Cash received from previous credit sales

$   7,500

Cash received from cash sales

$ 55,000

(1)

$ 62,500

Expenditure

 

Cash paid for labour

$ 11,000

Cash paid for rent

$   8,500

Cash paid for marketing services

$      800

Cash paid for stock

$ 31,300

Cash paid for Equipment

$      750

(2)

$ 52,350

Cash increase during March (1) minus (2)

$ 10,150

Cash at start of March

$ 17,200

Cash at end of March

$ 27,350

As well as the core operations of a business, the Cash Flow Statement considers all other elements of the cash movement within an organisation. These can be grouped into three separate sub-headings:

  • Cash flow from operations (trading, or carrying out the core business).
  • Cash flow from investing (buying and selling non-current assets).
  • Cash Flow from financing activities (raising or retiring equity, or long-term debt).

The diagram below illustrates the movement of cash within a retail business.  The primary movement is from ongoing operations; however businesses may have other income and payments.  Where business rely on receiving cash from third parties (accounts receivable), it is important that this money is paid in a timely fashion.  If businesses have to wait a long time to receive their cash payments, they may find themselves running out of cash and having cash-flow difficulties.

In the following spreadsheet we illustrate the peaks and troughs of a trading year and the importance of working capital to ensure that the business can manage the cash outflow requirements that come with the seasonality of the retail calendar.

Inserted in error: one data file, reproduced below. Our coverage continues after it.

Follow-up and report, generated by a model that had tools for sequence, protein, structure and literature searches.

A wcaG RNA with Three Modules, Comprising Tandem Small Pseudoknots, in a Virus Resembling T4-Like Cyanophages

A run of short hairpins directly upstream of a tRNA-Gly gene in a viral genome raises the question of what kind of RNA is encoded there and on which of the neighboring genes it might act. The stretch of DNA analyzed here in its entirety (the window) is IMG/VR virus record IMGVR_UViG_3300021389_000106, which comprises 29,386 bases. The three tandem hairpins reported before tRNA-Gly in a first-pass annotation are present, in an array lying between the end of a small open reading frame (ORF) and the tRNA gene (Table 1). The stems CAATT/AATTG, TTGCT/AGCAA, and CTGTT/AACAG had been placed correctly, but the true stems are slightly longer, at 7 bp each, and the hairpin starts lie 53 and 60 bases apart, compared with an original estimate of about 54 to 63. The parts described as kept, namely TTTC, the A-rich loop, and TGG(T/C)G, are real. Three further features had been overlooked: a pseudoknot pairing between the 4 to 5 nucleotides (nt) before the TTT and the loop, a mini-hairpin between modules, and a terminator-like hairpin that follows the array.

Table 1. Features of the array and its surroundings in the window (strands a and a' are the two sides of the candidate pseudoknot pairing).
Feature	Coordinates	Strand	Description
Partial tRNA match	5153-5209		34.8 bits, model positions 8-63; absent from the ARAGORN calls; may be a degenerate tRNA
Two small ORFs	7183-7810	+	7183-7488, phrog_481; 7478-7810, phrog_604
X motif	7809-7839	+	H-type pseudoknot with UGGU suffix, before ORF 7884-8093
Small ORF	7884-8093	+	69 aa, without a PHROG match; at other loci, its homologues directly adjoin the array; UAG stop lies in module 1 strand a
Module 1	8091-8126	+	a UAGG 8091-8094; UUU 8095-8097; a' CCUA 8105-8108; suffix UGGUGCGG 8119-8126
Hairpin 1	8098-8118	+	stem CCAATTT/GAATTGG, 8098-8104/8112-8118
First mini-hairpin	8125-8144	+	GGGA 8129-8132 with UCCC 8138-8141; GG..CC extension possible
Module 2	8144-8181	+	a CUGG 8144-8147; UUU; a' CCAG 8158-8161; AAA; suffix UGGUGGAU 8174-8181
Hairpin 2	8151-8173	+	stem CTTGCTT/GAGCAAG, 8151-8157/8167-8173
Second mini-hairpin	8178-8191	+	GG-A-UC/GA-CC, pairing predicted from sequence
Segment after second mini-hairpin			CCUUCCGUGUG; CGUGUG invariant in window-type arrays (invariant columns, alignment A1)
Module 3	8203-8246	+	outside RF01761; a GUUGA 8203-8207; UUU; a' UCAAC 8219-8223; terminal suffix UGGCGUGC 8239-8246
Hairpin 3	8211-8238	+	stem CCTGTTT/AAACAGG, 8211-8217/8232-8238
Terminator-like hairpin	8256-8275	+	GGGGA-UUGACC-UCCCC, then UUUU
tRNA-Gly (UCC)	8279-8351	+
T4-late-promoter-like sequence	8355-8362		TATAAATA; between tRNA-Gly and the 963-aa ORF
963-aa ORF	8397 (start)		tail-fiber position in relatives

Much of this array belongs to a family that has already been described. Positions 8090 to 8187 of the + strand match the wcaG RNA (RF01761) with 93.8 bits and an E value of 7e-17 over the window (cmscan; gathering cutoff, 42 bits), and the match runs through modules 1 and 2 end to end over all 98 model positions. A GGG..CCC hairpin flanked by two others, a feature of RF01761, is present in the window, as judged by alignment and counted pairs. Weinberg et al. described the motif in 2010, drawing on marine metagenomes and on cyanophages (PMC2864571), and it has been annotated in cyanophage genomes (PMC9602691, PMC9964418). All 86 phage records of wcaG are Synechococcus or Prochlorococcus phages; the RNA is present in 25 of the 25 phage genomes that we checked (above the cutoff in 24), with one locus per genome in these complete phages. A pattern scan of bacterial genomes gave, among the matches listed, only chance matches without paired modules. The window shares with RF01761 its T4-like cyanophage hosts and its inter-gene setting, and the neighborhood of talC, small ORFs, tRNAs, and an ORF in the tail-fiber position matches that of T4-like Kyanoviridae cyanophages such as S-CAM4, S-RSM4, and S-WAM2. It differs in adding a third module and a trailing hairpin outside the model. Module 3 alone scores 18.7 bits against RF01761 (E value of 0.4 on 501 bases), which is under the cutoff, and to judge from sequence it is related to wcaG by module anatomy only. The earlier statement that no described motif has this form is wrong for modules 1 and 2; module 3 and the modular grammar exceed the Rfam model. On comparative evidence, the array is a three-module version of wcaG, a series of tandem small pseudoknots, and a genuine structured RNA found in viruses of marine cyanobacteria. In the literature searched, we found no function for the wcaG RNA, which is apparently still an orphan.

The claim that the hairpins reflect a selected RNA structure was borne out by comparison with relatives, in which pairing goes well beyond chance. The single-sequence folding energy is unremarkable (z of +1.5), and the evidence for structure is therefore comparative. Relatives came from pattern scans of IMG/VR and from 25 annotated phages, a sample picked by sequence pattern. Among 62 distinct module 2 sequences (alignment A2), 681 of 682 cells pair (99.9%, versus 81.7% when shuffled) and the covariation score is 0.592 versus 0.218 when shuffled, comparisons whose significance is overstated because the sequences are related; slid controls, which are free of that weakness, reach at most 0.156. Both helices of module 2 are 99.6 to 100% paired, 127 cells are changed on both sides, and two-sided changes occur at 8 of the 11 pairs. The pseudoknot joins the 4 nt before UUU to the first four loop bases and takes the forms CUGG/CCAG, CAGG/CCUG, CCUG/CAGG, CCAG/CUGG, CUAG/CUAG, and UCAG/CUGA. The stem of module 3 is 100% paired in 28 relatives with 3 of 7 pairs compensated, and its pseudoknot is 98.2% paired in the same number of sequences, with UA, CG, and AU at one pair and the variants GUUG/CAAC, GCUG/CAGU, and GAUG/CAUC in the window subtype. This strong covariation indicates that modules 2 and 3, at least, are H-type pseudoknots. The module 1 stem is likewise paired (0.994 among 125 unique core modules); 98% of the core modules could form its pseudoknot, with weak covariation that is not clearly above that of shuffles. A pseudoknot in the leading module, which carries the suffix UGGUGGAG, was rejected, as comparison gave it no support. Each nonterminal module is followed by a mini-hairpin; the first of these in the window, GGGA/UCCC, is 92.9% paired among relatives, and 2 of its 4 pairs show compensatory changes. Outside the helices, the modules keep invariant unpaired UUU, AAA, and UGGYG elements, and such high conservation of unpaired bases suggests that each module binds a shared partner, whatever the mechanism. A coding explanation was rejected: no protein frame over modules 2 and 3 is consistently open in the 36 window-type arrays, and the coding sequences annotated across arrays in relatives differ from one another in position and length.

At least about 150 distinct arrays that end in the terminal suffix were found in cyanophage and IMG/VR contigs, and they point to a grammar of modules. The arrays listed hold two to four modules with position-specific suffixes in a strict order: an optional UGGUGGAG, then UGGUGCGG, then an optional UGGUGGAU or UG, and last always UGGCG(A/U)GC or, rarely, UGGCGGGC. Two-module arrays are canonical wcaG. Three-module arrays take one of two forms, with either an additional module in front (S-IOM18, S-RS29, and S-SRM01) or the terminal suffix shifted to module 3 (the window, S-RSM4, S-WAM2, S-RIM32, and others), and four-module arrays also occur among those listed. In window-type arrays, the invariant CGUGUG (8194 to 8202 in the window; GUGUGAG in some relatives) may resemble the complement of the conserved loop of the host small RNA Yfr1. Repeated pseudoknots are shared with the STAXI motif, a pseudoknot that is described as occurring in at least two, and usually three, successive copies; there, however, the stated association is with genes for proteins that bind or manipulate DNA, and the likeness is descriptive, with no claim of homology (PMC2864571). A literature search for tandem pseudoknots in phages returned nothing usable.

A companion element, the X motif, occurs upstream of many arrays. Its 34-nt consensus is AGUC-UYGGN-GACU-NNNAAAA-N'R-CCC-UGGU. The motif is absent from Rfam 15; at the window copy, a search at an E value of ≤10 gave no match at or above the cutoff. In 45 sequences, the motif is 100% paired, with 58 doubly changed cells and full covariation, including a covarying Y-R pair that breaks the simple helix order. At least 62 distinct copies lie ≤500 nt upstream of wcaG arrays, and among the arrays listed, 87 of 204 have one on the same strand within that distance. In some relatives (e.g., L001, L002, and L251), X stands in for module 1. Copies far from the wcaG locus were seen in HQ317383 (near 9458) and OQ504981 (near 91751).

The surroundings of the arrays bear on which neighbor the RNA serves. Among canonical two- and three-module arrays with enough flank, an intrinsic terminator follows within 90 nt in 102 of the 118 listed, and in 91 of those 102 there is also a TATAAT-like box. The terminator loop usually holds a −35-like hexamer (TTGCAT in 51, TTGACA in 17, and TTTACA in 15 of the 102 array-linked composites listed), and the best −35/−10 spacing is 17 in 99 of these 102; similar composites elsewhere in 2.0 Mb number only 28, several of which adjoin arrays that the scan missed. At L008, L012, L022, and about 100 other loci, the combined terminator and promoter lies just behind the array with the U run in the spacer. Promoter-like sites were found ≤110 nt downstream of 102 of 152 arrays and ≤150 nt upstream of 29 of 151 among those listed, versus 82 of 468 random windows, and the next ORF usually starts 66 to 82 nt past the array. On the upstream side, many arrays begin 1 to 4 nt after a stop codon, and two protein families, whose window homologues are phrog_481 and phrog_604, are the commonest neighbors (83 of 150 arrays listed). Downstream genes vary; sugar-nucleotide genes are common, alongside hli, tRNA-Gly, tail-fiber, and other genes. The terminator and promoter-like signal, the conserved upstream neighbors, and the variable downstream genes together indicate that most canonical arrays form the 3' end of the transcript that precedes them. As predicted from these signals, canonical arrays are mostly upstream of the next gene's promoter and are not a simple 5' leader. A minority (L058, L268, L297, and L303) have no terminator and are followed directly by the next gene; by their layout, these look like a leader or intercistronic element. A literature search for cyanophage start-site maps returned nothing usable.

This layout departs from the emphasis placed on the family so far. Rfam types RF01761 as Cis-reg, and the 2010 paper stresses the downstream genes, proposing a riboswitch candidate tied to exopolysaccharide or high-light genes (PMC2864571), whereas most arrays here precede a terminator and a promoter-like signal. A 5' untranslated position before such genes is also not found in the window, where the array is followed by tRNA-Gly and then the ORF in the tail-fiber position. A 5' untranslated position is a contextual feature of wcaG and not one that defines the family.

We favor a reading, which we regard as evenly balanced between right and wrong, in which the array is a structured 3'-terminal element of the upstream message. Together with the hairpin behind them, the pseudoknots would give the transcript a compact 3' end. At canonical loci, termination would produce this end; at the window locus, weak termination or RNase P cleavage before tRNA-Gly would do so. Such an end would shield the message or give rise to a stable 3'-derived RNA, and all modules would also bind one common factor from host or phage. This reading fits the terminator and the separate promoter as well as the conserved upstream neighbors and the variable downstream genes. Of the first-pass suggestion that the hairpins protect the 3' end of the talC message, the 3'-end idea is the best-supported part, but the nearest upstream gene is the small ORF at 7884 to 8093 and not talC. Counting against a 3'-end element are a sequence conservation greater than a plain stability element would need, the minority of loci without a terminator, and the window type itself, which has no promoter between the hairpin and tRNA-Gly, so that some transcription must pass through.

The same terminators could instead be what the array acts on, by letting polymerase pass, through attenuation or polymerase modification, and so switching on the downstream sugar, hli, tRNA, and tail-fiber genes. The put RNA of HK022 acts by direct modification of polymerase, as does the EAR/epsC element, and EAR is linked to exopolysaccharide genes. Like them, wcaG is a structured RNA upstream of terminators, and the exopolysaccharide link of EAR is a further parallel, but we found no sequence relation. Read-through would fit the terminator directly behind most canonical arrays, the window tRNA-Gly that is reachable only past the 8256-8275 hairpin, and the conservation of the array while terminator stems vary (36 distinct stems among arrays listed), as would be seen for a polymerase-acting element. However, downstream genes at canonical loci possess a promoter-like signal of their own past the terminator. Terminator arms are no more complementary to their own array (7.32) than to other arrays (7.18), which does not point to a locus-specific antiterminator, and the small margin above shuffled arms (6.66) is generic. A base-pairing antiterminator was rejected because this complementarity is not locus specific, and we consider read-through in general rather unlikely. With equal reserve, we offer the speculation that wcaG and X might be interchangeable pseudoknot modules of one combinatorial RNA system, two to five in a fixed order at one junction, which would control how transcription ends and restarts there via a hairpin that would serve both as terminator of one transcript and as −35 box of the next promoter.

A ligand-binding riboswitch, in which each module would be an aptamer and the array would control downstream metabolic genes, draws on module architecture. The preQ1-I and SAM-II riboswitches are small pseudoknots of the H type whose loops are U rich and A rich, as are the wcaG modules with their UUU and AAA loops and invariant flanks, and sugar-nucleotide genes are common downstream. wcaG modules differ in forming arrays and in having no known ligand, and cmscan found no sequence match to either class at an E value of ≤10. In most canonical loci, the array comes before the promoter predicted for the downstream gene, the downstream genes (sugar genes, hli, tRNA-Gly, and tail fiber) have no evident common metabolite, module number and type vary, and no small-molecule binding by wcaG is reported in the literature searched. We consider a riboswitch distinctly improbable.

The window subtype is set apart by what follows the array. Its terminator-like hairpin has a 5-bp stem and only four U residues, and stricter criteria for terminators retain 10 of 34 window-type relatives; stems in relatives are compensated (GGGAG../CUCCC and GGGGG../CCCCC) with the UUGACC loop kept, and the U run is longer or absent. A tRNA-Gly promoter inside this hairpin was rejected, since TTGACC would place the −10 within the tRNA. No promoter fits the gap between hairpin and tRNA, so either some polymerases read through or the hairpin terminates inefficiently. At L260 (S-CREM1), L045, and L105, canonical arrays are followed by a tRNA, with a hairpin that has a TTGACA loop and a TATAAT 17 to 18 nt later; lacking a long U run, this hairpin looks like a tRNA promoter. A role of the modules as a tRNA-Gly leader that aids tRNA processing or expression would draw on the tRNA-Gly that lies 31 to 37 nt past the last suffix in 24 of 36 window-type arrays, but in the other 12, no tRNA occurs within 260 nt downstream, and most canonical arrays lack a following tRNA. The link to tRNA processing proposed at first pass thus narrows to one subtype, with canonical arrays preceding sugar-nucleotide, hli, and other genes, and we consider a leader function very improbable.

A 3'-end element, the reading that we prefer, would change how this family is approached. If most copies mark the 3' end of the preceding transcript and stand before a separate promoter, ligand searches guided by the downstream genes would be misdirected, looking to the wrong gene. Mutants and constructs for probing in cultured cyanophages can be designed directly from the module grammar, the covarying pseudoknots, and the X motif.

Sample Cash Flow

 

July

Aug

Sept

Oct

Nov

Dec

Jan

Feb

Mar

Apr

May

June

Cash in-flow (Sales)

$70,00 0

$60,00 0

$55,00 0

$75,0 00

$95,0 00

$250, 000

$65,00 0

$50,00 0

$55,00 0

$60,0 00

$65,0 00

$60,0 00

Owners Funds Injection

                       

Total Cash InFlow

$70,00 0

$60,00 0

$55,00 0

$75,

000

$95,0 00

$250, 000

$65,00 0

$50,0 00

$45,00 0

$60,0 00

$65,0 00

$60,0 00

Expense Payments

                       

Cash Out-

Flow- Stock

$35,00 0

$30,00 0

$27,50 0

$65,0 00

$110, 000

$30,0 00

$32,50 0

$25,00 0

$27,00 0

$30,0 00

$28,0 00

$30,0 00

Rent & Outgoings

$12,91 7

$12,91 7

$12,91 7

$12,9 17

$12,9 17

$12,9 17

$12,91 7

$12,91 7

$12,91 7

$12,9 17

$12,9 17

$12,9 17

Power

$700

$700

$700

$700

$700

$700

$700

$700

$700

$700

$700

$700

Staff Amenities

$100

$100

$100

$100

$100

$100